What you don’t know won’t hurt you, right?  Not according to the Food and Drug Administration, which announced a new proposal for nutrition labels last week.

Designed to help Americans make healthier choices and limit sugar intake, calories would be bigger and bolder and the amount of added sugars would be listed on the proposed labels.  Additionally, “Calories from Fat” will be removed, but “Total Fat,” “Saturated Fat,” and “Trans Fat” will remain. Vitamin sections would be revised, with A and C omitted andD and potassium  included, since they impact the risk of health issues such as osteoporosis and blood pressure.

Most importantly, serving sizes will be more realistic. As an example, the current serving of ice cream is listed as just a half a cup, so a pint of ice cream – currently  labeled as four servings – this would be labeled as two servings, with calorie counts and other nutritional information revised accordingly. If a package does contain multiple servings, this would be clear: Instead of “amount per serving,” it might read “amount per cup.” How new FDA labels will change your food

First Lady Michelle Obama is spearheading the label revision movement. “Our guiding principle here is very simple: that you as a parent and a consumer should be able to walk into your local grocery store, pick up an item off the shelf, and be able to tell whether it’s good for your family,” she said. “So this is a big deal, and it’s going to make a big difference for families all across this country.” Michelle Obama teams up to overhaul nutrition labels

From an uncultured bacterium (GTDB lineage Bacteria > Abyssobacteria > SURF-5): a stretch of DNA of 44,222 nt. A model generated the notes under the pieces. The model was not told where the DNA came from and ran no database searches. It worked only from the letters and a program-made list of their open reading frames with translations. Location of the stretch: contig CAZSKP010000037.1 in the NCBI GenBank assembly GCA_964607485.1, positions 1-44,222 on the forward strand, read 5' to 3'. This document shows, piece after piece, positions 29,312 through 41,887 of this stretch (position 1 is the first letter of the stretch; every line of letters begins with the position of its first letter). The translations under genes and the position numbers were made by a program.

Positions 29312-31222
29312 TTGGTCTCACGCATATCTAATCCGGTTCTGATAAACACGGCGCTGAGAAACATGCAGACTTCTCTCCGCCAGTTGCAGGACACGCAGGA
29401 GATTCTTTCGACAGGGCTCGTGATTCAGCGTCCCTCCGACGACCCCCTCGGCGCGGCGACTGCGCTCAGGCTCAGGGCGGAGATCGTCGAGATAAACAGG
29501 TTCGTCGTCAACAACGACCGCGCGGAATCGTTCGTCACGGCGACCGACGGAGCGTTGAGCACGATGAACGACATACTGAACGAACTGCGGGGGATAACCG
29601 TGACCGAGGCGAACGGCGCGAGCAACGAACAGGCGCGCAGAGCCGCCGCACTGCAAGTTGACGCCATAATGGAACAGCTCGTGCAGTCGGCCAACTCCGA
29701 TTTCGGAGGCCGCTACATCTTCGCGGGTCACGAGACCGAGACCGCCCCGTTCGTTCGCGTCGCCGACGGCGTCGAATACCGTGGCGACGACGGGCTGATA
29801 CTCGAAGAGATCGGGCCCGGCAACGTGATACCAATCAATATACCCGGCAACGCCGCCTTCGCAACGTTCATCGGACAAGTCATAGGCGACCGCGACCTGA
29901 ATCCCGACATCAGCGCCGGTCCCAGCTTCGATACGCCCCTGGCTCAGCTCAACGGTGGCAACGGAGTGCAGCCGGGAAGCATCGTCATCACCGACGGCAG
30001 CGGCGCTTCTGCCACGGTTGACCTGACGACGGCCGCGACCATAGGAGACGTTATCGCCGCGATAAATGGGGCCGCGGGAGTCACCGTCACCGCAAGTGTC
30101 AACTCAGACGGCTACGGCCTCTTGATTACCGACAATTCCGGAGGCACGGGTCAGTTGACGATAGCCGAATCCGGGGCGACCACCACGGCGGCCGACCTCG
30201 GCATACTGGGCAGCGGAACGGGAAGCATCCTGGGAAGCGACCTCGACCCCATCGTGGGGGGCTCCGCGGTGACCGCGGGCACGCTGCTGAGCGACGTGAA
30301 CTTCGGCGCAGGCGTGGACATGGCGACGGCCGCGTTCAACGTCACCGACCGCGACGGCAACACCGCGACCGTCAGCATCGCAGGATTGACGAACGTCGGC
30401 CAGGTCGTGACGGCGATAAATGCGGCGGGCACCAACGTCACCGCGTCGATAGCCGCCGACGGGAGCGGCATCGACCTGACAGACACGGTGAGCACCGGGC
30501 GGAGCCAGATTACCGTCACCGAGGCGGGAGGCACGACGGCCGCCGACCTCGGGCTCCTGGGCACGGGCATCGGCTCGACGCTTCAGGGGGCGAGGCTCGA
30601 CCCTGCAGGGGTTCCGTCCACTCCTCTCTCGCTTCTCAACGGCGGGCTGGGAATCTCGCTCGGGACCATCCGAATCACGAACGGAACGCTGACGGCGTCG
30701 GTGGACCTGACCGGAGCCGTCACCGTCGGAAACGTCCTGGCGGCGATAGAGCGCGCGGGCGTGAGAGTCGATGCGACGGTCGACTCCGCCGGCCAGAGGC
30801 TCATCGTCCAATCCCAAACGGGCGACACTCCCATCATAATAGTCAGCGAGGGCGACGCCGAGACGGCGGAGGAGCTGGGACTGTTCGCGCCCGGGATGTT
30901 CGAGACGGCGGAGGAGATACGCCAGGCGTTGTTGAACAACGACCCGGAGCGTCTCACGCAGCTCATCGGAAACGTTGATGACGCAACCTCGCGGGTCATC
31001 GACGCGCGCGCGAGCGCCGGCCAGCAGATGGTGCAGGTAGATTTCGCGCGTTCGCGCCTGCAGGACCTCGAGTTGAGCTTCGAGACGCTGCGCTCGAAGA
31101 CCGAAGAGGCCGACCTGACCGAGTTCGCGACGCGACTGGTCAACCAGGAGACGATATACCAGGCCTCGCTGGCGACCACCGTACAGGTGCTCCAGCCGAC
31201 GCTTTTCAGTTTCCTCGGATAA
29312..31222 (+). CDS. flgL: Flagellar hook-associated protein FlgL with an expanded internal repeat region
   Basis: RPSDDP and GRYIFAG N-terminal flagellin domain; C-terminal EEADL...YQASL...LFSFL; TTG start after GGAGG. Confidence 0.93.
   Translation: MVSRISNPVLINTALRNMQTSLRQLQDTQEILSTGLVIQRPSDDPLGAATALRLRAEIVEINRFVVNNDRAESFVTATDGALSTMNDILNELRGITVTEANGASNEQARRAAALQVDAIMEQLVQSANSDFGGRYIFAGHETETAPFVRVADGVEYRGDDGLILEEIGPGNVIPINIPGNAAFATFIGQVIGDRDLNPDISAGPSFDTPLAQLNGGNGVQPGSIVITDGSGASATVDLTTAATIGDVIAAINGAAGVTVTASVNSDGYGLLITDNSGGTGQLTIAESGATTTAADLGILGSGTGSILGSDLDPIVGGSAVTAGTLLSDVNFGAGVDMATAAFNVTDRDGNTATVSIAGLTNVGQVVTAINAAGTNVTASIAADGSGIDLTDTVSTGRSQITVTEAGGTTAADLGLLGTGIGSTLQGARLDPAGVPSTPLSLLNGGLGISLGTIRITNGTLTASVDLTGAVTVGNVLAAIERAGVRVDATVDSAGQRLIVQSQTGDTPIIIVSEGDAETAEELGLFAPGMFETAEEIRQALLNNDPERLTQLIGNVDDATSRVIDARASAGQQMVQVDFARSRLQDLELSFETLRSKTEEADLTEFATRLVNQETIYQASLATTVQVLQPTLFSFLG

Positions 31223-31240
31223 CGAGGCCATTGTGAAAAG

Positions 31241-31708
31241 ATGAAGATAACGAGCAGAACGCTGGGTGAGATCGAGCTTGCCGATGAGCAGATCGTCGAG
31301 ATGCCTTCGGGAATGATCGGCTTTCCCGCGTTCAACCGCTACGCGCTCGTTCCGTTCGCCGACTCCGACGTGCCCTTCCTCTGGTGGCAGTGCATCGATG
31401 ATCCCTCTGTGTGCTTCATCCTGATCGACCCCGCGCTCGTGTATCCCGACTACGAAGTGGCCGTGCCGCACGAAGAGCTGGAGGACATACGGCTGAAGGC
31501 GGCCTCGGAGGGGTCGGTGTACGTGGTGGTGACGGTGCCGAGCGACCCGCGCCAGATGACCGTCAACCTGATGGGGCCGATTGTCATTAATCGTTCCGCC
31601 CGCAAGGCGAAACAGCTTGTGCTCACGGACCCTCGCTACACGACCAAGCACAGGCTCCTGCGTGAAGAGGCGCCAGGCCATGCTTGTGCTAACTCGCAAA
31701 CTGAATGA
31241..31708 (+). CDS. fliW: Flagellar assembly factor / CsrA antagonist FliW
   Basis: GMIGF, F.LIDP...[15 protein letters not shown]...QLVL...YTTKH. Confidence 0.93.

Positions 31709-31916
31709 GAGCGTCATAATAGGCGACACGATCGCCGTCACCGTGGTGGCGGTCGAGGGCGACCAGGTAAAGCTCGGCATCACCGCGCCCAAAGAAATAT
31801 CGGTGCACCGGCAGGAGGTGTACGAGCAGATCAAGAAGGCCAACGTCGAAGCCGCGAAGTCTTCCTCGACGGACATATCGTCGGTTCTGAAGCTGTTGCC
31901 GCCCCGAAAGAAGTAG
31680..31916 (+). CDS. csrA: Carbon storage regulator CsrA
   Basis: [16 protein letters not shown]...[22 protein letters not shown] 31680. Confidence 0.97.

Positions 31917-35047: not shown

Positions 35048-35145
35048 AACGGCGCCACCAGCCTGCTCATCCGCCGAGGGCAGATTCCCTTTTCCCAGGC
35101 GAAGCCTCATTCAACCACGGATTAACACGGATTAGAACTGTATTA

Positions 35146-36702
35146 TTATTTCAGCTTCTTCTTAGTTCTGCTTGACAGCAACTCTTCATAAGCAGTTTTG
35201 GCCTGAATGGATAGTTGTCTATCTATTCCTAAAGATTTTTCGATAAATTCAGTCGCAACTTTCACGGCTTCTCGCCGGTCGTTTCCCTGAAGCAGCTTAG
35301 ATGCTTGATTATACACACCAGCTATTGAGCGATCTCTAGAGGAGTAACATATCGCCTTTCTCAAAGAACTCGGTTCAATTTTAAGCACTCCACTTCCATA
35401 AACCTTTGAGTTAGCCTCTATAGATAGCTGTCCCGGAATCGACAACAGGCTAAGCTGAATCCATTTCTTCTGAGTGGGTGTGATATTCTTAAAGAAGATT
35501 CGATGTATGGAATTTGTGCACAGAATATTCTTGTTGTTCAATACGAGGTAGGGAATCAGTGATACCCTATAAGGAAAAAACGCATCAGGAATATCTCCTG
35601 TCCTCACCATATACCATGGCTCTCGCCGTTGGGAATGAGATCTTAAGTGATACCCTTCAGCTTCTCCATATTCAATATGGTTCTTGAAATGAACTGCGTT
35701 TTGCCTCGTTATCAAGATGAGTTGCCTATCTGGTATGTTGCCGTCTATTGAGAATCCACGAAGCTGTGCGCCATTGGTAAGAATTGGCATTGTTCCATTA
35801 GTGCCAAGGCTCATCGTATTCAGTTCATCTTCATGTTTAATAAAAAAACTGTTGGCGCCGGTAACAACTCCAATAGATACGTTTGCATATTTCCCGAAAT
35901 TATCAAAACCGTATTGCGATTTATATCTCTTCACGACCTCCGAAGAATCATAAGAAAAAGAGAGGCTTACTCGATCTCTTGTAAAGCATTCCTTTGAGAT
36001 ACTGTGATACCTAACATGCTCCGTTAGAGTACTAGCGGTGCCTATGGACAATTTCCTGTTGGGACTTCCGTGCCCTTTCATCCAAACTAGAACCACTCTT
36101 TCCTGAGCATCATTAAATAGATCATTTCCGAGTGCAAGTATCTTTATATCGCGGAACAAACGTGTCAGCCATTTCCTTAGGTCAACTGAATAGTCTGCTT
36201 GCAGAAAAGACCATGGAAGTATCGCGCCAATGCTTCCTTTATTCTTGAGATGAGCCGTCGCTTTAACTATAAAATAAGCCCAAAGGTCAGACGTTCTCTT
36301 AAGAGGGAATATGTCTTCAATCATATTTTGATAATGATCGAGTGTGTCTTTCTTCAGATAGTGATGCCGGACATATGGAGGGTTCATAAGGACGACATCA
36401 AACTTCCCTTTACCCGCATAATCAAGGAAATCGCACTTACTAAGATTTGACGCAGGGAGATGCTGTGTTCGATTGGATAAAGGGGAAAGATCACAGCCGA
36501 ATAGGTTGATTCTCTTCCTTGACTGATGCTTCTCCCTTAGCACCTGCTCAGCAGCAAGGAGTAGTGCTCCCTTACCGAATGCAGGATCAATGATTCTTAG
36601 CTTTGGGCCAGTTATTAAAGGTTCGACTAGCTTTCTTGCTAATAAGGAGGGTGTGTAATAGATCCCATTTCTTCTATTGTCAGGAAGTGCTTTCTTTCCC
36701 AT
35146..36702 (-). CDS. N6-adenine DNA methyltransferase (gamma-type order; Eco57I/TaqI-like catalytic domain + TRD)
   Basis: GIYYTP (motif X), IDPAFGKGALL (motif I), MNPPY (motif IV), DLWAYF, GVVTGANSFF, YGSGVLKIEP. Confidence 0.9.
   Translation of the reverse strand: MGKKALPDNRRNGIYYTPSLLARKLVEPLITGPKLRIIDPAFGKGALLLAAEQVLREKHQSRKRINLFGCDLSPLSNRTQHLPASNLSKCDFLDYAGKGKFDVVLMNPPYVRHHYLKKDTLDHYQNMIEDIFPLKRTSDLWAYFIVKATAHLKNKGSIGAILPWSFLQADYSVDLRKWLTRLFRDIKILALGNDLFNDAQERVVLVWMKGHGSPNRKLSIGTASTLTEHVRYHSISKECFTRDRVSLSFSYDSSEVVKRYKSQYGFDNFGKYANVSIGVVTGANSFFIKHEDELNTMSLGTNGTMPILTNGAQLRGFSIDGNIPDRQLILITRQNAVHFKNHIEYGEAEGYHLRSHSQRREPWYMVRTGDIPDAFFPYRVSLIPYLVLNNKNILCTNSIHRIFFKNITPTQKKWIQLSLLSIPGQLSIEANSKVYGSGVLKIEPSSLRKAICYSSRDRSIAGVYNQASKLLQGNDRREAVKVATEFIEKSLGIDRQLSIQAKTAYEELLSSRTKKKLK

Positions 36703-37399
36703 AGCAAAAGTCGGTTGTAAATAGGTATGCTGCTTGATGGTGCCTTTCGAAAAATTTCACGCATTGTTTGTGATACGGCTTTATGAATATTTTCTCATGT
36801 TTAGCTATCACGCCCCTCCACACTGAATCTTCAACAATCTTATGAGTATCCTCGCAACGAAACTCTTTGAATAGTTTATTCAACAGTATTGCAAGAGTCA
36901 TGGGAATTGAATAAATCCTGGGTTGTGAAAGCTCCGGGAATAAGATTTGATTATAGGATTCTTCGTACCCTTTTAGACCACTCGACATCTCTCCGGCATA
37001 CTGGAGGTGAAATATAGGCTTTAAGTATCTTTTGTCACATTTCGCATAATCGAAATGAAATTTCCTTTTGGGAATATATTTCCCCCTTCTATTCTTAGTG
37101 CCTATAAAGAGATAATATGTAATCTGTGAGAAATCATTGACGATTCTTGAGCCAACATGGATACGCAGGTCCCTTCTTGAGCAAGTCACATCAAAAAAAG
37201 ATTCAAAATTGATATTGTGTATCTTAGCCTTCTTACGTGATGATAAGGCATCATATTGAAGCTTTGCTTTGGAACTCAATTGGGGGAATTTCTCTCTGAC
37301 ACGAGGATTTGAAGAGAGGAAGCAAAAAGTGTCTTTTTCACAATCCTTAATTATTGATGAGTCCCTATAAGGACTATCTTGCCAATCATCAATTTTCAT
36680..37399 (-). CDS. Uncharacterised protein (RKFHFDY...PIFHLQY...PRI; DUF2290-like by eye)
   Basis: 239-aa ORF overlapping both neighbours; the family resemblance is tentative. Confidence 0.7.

Here’s a visual comparison of the old and the proposed labels. Side by side comparison of nutrition labels

If the changes go into effect, this will mark the first time in 20 years the labels have been revised — more than 700,000 products would be impacted.   FDA proposal for serving sizes

According to the FDA, much more is known about the relationship between nutrients and the risk of chronic diseases than it was when the nutrition label was first introduced in 1993.”Obesity, heart disease and other chronic diseases are leading public health problems,” says Michael Landa, director of FDA’s Center for Food Safety and Applied Nutrition. “The proposed new label is intended to bring attention to calories and serving sizes, which are important in addressing these problems. Further, we are now proposing to require the listing of added sugars. The 2010 Dietary Guidelines for Americans recommends reducing calories from added sugars and solid fats.” FDA Consumer Updates

It may be several years until the food labels are revised, as the new rule is subject to a 90-day comment period, and the final ruling could take months to be finalized. Additionally, the FDA would give food manufacturers two years to comply. 

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